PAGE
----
Used electric vehicles are selling like hot cakes and are cheaper than comparable used gas cars! However, due to the technology being relatively new along with COVID-19 supply chain impacts, some unique trends are underway within the used EV market. According to Recurrent, two big trends are: 1) a low inventory of pre-owned EVs and 2) a global shortage of silicon chips, which EVs use ten times as many of. Dealerships that reduced supply during the COVID shutdown are now racing to replenish their used EV inventory. Recurrent reports that dealerships are so hungry for supply that some are going so far as to reach out directly to former customers to try encouraging them to sell back or trade-in their EVs.
On the bright side, approximately 70% of U.S. annual car purchases are used cars. This represents a huge market for EVs to tap into. With the combination of more and more early adopters’ three-year leases expiring and a huge new crop of increasingly affordable EVs hitting the market, the good news is that there will be used EVs starting as low as $10,000 soon. According to Recurrent, as of September 2021, over 45% of all used EVs in the US are already under $25,000, nearly 30% are already under $20,000 and new EVs will inject the used market with a hearty supply of $10-15K EVs over the next few years. This is the price point necessary to attract a majority of drivers and finally tip the market.
Like with all new technology though, important issues exist that must be addressed to successfully speed up that tipping point.
First, similar to new EVs, used EVs are still new technology, so consumers have questions and concerns. Used car buyers are not early adopters—though they do spend considerably more time online researching their purchase options. That’s why Veloz is prioritizing education and outreach around used EVs. We recently launched a comprehensive used EV education page on ElectricForAll.org to answer questions and help consumers tp understand all the benefits of used EVs.
The value of driving a used EV is indisputable. Consumer Reports estimates that the cost savings of 5-7 year old used EVs is 2-3 times larger on a percentage savings basis when compared with similar gasoline powered cars. And, with the exception of low range models (100 miles or less), all EV categories are expected to hold their value like gas vehicles.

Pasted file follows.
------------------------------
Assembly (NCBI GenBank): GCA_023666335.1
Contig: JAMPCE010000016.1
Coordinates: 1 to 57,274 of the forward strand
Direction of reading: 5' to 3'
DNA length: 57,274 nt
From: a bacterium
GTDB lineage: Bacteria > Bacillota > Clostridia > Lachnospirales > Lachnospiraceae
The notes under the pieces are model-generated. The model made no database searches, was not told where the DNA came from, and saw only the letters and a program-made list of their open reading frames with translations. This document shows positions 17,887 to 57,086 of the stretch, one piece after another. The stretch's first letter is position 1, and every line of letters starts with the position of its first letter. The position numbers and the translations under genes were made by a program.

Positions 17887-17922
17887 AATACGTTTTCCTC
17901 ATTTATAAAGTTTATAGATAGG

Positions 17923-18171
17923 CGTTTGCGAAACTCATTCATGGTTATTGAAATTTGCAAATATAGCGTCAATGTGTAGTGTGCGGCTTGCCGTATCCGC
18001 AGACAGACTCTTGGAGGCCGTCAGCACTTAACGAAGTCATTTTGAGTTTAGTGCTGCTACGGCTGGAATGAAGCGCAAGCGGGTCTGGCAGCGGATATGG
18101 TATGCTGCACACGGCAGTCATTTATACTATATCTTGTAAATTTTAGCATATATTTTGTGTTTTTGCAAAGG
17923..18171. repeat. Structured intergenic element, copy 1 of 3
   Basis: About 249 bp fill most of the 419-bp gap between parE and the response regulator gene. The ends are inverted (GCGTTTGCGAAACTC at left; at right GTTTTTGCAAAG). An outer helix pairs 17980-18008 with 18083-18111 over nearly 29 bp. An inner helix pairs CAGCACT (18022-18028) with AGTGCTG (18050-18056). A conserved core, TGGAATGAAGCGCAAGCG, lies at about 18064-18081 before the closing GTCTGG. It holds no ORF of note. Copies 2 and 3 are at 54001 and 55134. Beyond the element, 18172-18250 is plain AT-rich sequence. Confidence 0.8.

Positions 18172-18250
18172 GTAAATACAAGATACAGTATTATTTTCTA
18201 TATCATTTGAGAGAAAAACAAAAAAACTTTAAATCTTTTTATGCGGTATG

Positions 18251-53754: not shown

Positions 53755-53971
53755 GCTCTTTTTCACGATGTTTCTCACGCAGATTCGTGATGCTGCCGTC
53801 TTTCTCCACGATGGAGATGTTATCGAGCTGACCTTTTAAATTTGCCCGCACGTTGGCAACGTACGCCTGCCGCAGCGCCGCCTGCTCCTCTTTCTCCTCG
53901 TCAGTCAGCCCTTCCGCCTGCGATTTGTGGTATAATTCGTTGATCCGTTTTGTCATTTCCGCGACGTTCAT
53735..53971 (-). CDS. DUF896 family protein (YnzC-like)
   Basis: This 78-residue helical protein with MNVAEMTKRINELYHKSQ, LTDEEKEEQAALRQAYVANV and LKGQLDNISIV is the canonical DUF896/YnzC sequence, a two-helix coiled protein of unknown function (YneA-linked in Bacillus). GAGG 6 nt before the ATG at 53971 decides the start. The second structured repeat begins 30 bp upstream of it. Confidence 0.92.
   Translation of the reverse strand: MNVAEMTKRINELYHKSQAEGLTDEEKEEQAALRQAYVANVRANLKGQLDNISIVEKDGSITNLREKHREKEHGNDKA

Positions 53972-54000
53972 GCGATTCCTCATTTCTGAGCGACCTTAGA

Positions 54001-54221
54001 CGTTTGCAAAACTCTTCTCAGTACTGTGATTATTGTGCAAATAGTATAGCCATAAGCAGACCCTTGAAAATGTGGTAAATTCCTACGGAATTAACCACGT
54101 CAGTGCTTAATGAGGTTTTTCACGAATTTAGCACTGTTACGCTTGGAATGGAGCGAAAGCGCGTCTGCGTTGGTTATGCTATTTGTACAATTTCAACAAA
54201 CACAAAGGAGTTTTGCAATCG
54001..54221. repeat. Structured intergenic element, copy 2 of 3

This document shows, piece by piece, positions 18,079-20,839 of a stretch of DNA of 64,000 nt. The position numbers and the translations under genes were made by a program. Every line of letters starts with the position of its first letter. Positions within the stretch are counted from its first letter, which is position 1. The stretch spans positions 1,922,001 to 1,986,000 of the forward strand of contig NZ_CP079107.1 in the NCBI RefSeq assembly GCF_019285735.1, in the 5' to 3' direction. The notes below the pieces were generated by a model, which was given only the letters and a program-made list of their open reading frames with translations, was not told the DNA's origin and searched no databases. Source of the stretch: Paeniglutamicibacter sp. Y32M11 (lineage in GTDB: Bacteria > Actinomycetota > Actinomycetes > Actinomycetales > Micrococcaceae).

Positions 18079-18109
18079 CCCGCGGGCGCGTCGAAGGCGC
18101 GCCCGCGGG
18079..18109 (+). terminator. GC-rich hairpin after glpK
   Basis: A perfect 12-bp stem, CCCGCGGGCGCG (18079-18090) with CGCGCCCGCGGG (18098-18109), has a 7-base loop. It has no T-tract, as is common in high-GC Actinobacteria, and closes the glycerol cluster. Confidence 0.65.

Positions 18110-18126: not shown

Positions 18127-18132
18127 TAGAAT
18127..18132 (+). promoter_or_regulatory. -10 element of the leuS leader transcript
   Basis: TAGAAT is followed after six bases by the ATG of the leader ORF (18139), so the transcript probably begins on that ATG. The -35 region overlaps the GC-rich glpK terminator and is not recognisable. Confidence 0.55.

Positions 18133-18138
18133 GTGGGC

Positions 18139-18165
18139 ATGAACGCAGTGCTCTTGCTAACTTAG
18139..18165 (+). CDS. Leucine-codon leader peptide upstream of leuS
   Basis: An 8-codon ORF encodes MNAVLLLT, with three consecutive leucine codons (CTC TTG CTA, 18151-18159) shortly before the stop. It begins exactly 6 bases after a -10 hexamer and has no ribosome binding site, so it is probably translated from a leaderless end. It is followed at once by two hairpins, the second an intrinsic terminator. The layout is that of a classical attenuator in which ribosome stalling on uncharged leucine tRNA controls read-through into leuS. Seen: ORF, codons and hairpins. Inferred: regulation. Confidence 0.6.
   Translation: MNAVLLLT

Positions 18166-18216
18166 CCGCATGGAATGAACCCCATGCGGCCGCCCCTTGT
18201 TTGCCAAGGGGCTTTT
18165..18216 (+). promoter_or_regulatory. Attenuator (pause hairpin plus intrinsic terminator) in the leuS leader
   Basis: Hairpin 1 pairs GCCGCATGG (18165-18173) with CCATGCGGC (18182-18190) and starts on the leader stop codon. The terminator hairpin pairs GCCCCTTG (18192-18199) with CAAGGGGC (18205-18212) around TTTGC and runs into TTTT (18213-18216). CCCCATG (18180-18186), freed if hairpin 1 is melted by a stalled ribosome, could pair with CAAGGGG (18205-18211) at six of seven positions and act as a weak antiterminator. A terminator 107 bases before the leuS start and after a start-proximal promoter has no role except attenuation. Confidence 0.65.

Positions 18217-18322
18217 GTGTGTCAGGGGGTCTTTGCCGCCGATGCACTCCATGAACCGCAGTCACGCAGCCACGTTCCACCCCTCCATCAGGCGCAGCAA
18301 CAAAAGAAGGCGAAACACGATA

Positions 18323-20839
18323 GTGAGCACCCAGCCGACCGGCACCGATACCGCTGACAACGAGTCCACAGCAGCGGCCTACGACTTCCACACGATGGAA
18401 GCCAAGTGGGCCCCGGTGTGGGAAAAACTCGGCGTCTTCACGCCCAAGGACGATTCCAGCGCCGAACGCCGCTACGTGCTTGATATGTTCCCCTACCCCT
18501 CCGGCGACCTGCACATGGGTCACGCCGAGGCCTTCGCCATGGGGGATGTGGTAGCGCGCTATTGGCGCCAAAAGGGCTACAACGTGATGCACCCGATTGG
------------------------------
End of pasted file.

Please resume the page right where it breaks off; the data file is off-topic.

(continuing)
Chief among used EV car buyer concerns is battery degradation, lifetime and cost of replacement. The answer to this concern varies from car to car and from automaker to automaker. Recurrent offers a vehicle-specific range report with consumer information on battery condition and value. Battery technology is improving by leaps and bounds. The Lucid Air Dream Edition was recently rated by the Environmental Protection Agency with an estimated driving range of 520 miles on a full charge. Right now unfortunately, there is little transparency with battery life. So too with warranties.
Federal and state regulators could help by establishing industry standards for providing battery life disclosure and warranties for used EVs. The California Air Resource Board’s upcoming Advanced Clean Car II (ACCII) proposal includes “Assurance Measures” that establish warranty and durability requirements for zero emission vehicles. The federal government has instituted an automaker mandate to offer a minimum of an 8-year/100,000-mile warranty on EV batteries, but often that warranty does not transfer to another owner. Warranties need to keep up.
Second, even as Cox Automotive finds “more Americans are steering toward electrified vehicles and the industry has likely passed the point of peak gas-powered mobility,” the need to accelerate adoption. One program successfully doing this is the California Air Resource Board’s “Clean Cars 4 All” program which helps lower-income consumers get into cleaner technology vehicles by retiring their older, higher-polluting vehicles and upgrade to a cleaner vehicle—oftentimes a used EV. Participants also have the option to replace their older vehicle for alternative mobility options, such as public transit passes or an electric bicycle. Currently, this program is available to income eligible vehicle owners exclusively residing in the Bay Area, Sacramento, the South Coast Air Basin and the San Joaquin Valley, though it hopes to be able to expand statewide within the next few years.
Some utilities are already active when it comes to providing incentives for used electric vehicles. For instance, the Los Angeles Department of Water and Power offers their own rebate for used EV purchases. So do Alameda Municipal Power, Peninsula Clean Energy and others, but more are necessary as current incentives programs will not get us the emissions reductions we truly need. Moving used car buyers away from used gas cars and into used electric vehicles will though! Interested used car buyers can visit ElectricForAll.org to search available used car incentives offered by zip-code and view a list of specific items to look for when buying a used EV.
Used EVs represent an extraordinary opportunity to move the EV market to its tipping point, and more importantly, used EVs can dramatically improve the lives of those living in communities most burdened by air pollution by putting dollars back into their pockets and substantially decreasing the toxic pollutants in the air. As used EV inventory increases and more car makes and models become available, used EVs provide a critical opportunity to accelerate Electric For All forward!